BERLIN – Multitasking is not exactly the strong point of Europe’s current generation of leaders. They have rightly given the eurozone crisis – the central question bearing on the European Union’s future – top priority. But all other important issues – above all, a common foreign and security policy – have been almost completely ignored. And it is here – Europe’s external relations, an issue absolutely vital to the future of all EU citizens – that renationalization is rearing its ugly head again.
Today, we can recognize the outlines of a post-American international (dis)order – not only its emerging structures, but also its risks, threats, and conflicts, all of which are intensifying. For Europe – and for the rest of the world – the financial crisis has proven to be an accelerant of far-reaching changes.
In East Asia, the world’s most dynamic and dominant region in terms of future global economic development, confrontation is escalating between the key powers – China, Japan, South Korea, and Taiwan – over border issues, territorial claims, prestige, and unfinished historical business. Add to this the perennial crisis on the Korean peninsula and the Taiwan conflict, which could flare up again anytime.
East Asia’s regional powers operate almost without any multilateral framework, a state of affairs comparable to that of Europe toward the end of the nineteenth century. Only the United States’s military and political presence ensures regional stability. Yet, at least in the medium term, that presence implies a significant risk of inciting a global confrontation between China and the US. Moreover, Russia – which extends to East Asia, but, owing to its economic and political weakness, has been a background player there – would certainly seek to benefit from this development.
Europe, however, will play no part in the region, simply because any attempt to do so would place too much strain on its reach and resources. Yet, given Europe’s growing economic dependence on East Asia, its interests are massively engaged – a mismatch that could cause the EU considerable discomfort in the medium term.
The same is true, to varying degrees, of Europe’s relationship with South Asia; but here the India-Pakistan conflict, a looming “post-American” Afghanistan in 2014, and uncertainty concerning Iran and the Persian Gulf have a direct security impact on the EU. This is where discomfort meets danger.
Russia, under Vladimir Putin’s third presidency, has made its choice. Under the banner of a “Eurasian Union,” and relying on the renationalized oil and gas sectors as both a carrot and a stick, the Kremlin wants to tie as many of the former Soviet territories as possible to the Motherland. At the center of this policy is Ukraine, the linchpin of Europe’s post-Soviet order.
Yet Putin is caught in a fundamental contradiction. His Great Russia policy requires economic strength, and therefore successful modernization of the country. But, to achieve this, he must encourage reforms that would lead to a strong middle class, which, as can already be seen in Russia’s big cities, opposes Putin’s clientilist “guided democracy” and the massive corruption that comes with it.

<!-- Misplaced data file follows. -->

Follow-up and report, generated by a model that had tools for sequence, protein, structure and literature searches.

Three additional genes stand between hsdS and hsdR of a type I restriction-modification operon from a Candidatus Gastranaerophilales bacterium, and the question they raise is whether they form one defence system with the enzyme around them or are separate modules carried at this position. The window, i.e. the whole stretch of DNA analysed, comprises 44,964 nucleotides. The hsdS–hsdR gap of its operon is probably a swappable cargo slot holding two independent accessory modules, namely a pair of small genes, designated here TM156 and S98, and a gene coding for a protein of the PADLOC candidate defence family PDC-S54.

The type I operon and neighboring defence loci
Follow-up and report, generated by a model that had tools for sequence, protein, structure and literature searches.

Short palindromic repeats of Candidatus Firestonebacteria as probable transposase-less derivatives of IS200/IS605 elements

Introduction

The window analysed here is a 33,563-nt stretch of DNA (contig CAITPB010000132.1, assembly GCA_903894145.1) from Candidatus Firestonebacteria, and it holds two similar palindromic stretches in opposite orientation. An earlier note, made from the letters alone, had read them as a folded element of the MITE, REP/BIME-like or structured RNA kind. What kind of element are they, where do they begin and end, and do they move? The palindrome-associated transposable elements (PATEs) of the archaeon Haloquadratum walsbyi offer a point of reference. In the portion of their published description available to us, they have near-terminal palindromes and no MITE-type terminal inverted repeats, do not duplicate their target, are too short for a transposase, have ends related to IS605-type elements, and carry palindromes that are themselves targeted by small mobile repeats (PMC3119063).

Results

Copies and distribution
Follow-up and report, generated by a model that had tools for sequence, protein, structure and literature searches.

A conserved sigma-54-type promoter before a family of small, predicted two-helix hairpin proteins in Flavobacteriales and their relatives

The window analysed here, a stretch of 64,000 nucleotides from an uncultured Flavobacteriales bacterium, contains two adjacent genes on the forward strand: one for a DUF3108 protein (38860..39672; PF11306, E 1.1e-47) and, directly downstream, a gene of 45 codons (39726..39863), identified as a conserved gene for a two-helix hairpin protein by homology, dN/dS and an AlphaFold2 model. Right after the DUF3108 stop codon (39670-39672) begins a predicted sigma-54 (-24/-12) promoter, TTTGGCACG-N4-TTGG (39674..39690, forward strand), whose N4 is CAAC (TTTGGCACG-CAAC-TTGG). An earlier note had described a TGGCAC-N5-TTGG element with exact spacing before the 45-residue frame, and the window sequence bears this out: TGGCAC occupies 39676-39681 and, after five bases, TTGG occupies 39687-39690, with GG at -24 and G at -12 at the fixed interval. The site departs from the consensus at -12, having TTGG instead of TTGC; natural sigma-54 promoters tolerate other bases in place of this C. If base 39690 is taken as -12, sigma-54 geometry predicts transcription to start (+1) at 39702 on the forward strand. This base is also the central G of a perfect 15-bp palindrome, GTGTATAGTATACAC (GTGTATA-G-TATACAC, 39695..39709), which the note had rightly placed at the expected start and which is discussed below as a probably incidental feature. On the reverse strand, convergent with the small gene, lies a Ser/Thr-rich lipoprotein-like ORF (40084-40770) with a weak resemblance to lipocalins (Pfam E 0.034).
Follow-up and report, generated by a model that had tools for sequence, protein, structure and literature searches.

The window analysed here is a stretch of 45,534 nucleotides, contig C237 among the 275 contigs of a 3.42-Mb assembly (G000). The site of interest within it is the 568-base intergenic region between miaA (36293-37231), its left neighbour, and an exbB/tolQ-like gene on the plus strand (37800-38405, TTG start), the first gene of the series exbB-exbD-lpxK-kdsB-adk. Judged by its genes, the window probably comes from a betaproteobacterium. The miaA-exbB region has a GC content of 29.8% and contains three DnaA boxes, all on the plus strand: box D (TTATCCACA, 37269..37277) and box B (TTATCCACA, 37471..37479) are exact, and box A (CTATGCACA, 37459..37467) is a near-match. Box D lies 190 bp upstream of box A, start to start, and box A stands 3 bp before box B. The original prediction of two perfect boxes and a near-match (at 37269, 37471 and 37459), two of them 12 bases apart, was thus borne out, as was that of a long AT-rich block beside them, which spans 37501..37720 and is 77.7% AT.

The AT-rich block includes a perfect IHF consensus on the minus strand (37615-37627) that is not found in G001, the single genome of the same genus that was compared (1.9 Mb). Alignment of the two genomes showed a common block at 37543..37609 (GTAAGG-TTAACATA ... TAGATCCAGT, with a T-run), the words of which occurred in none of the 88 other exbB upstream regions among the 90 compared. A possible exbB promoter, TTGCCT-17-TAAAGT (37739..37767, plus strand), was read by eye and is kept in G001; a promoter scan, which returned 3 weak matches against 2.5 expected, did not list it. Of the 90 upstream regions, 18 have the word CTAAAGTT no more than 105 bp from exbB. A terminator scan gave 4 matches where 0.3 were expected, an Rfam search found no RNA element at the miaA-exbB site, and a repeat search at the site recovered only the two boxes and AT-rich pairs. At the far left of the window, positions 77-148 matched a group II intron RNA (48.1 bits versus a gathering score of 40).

Putin’s dilemma poses a real challenge for the EU and the US – but also an opportunity, if they choose significant long-term engagement. On both sides of the Atlantic, however, ignoring the issue seems to have been mistaken for a policy.
That is a grave oversight, for it is clear that Russian foreign policy has again taken a provocative and confrontational turn. Russia remains a steadfast supporter of Syrian President Bashar al-Assad, and is not shying away from conflict with Turkey, or from forging a de facto alliance with Iran, in order to defend the Assad regime.
Together with the war clouds hovering over the Iranian nuclear program, the failed Israeli-Palestinian peace process, and radical political change throughout the wider Middle East, the conflict in Syria shows that Europe’s southeast will continue to be a major security challenge. Yet, despite Russia’s ambitions for reshaping its neighborhood – and despite decreasing US involvement in the Middle East – Europe is hardly prepared to act.
Clearly, the relationship between Turkey and the EU needs its own “reset.” Otherwise, both sides will find themselves among the losers. Turkey is currently confronting the limits of its possibilities, while the EU finds that it can do very little in this region without Turkey.
And, to Europe’s immediate south, across the Mediterranean, new risks are emerging in the vastness of North Africa and the Sahara, including the threat of an Al Qaeda state in northern Mali.
If one adds to this European sketch of global development the fact that, whatever the outcome of the US election, America will shift its strategic focus to East Asia (and otherwise mainly look after itself), nearly everything cries out for a robust EU foreign and security policy. Unfortunately, exactly the opposite is happening: here, too, renationalization is uppermost in the minds of Europe’s peoples and decision-makers.
In Berlin, the question asked more and more often is, “What does this mean for Germany?” rather than, “What does this mean for Europe?” The same is true in other European capitals. But the wrong question leads to wrong answers, because Europe’s security interests can be defended only within a European and Western context, not at the national level.
That is why it is high time for Europeans to abandon their provincialism, launch a common foreign policy worthy of the name, and finally start to invest properly in their future security. Europe must grow up and develop the capacity to defend its own interests, because the day is fast approaching when others will be less able and willing to do this for us than they once were.